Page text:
Two interesting reads on LLM security

The Register has a great interview with Ilia Shumailov on the number one risk of LLMs. He calls it “model collapse” but we like the term “recursive pollution” better because we find it more descriptive. Have a look at the article.

Our work at BIML has been deeply influenced by Shumailov’s work. In fact, he currently has two articles in our Annotated Bibliography TOP 5.

Here is what we have to say about recursive pollution in our work — An Architectural Risk Analysis of Large Language Models:

  1. [LLMtop10:1:recursive pollution] LLMs can sometimes be spectacularly wrong, and confidently so. If and when LLM output is pumped back into the training data ocean (by reference to being put on the Internet, for example), a future LLM may end up being trained on these very same polluted data. This is one kind of “feedback loop” problem we identified and discussed in 2020. See, in particular, [BIML78 raw:8:looping], [BIML78 input:4:looped input], and [BIML78 output:7:looped output]. Shumilov et al, subsequently wrote an excellent paper on this phenomenon. Also see Alemohammad. Recursive pollution is a serious threat to LLM integrity. ML systems should not eat their own output just as mammals should not consume brains of their own species. See [raw:1:recursive pollution] and [output:8:looped output].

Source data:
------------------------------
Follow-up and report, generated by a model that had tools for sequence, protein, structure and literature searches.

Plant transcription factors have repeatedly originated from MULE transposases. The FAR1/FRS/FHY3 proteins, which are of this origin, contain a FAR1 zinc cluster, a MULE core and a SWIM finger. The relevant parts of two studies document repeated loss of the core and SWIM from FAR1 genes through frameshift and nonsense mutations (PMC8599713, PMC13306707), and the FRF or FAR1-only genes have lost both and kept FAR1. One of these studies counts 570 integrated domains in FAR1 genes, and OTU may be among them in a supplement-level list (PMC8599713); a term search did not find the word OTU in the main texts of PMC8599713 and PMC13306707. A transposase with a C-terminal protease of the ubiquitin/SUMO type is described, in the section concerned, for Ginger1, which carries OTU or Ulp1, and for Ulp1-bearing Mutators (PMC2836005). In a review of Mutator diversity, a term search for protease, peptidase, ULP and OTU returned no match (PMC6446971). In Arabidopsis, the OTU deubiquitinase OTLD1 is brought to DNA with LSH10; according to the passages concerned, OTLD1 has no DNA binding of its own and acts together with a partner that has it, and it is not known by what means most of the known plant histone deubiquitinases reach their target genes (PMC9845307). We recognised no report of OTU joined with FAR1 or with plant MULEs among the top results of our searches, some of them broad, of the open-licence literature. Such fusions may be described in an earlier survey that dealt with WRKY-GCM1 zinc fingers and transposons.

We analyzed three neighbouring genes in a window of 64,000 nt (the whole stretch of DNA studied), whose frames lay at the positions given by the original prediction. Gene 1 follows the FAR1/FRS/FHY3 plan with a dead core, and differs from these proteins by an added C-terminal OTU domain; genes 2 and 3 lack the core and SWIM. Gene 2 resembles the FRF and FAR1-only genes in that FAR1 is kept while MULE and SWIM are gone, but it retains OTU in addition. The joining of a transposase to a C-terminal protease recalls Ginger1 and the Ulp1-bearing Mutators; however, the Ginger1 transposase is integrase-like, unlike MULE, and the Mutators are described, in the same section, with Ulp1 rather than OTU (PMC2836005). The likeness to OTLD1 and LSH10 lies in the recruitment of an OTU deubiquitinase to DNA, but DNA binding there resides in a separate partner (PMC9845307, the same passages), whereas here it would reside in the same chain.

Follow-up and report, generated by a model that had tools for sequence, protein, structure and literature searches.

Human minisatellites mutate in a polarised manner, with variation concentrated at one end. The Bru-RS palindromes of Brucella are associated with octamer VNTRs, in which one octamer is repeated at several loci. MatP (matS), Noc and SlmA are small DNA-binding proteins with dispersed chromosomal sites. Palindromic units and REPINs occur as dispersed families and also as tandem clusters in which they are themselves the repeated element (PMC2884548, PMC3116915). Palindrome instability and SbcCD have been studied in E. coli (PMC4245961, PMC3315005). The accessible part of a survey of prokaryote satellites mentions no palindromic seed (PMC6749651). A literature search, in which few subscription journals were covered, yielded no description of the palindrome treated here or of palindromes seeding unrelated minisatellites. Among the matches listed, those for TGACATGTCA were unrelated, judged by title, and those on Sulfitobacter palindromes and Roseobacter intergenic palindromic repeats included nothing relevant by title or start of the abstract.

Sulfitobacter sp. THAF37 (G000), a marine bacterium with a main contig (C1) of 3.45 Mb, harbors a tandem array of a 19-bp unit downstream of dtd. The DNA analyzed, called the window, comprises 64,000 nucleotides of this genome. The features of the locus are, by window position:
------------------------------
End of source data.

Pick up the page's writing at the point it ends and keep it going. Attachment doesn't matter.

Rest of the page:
Another excellent piece, this time in the politics, policy, business and international relations press is written by Peter Levin. See The real issue with artificial intelligence: The misalignment problem in The Hill. We like the idea of a “mix master of ideas” but we think it is more of a “mix master of auto-associative predictive text.” LLMs do not have “ideas.”


Leave a Reply

XHTML: You can use these tags: <a href="" title=""> <abbr title=""> <acronym title=""> <b> <blockquote cite=""> <cite> <code> <del datetime=""> <em> <i> <q cite=""> <s> <strike> <strong>